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Blogs under tag Liaw Batan And Jason Quinn

First study comparing Algae processing with soy biodiesel and petroleum.. Posted by Manohar on Thu September 30 2010 02:00:54 PM 9

Professors Thomas Bradley and Bryan Willson, relied on data for their research  from the world renowned Engines and Energy Conversion Laboratory at Colorado State and spinoff Solix Biofuels Inc.
They say
"algae
is net beneficial - it reduces greenhouse gas emissions more than soy
biodiesel and is more scalable and it has lower energy consumption than
soy biodiesel."


This has far reaching implications.

The study appears in this week?s Journal of Environmental Science and Technology.

?There has been some research indicating that algae might be more energy intensive, but this study is the first to directly compare the complete manufacturing process of algae, petroleum biodiesel, and soybean biodiesel," Bradley said.


"We made an apples-to-apples comparison and the results show that algae is net beneficial - it reduces greenhouse gas emissions more than soy biodiesel and is more scalable and it has lower energy consumption than soy biodiesel."

Bradley and the team assessed the entire "life cycle" of the algae-to-biodiesel process including such factors as the energy used to grow algae, the diesel burned by trucks used to move the algae biodiesel from processing facilities to the pump to the energy used to make fertilizer for growth.



"We have access to the most up-to-date data and industrial-scale understandings of how this works in the real world," Bradley said. "We?re very lucky to be doing this work here at Colorado State University."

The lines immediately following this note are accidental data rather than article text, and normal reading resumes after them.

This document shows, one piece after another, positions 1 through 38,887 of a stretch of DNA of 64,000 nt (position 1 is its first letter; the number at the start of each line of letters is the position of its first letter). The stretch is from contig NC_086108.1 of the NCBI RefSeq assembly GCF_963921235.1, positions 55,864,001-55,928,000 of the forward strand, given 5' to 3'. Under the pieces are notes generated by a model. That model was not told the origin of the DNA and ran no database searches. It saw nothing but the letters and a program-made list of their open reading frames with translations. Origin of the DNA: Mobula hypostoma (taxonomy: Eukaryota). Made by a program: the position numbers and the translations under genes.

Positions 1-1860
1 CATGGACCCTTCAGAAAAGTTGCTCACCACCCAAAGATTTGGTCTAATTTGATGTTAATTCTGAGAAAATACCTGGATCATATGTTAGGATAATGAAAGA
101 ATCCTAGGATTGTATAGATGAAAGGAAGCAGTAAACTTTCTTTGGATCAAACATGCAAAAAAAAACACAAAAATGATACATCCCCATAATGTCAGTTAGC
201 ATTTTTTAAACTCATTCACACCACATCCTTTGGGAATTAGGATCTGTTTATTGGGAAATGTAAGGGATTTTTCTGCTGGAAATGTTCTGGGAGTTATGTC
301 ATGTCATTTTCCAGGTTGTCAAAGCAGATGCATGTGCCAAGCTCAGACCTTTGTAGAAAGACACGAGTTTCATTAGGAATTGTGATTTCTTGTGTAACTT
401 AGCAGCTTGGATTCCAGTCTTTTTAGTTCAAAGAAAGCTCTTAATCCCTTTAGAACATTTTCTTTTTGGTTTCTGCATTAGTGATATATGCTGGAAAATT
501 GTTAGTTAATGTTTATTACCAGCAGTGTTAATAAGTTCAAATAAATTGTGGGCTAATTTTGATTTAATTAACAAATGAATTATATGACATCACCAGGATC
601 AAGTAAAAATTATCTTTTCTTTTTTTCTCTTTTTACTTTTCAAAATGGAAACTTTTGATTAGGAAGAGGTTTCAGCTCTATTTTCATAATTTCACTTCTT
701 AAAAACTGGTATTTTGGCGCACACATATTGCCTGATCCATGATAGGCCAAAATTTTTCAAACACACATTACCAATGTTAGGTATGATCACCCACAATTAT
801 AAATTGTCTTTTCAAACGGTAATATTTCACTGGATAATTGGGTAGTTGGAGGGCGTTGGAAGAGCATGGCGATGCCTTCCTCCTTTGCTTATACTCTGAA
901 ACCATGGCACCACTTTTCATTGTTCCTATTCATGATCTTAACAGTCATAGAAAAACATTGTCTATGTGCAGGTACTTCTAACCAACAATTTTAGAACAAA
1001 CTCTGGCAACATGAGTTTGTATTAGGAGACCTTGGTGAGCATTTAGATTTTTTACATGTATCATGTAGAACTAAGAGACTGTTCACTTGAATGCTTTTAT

"We?re doing system-level analysis that can help policymakers and people who are trying to design our next energy system and help them make decisions about how to do this,? Bradley said. "We?re trying to understand the impact of this new algae energy system that everybody?s interested in."

Also working on the paper were doctoral students Liaw Batan and Jason Quinn.


The Engines and Energy Conversion Laboratory at Colorado State University has an international reputation for its market-driven solutions.




Products developed at the EECL in partnership with industrial partners have reduced pollution in the atmosphere by millions of tons and have saved more than 14 billion cubic feet of natural gas.



The lab has developed solutions to reduce emissions from large industrial engines, supported dozens of companies with new engine technology, made important contributions to basic combustion science, worked to define architectures for the future electric grid, and brought clean energy solutions to the developing world.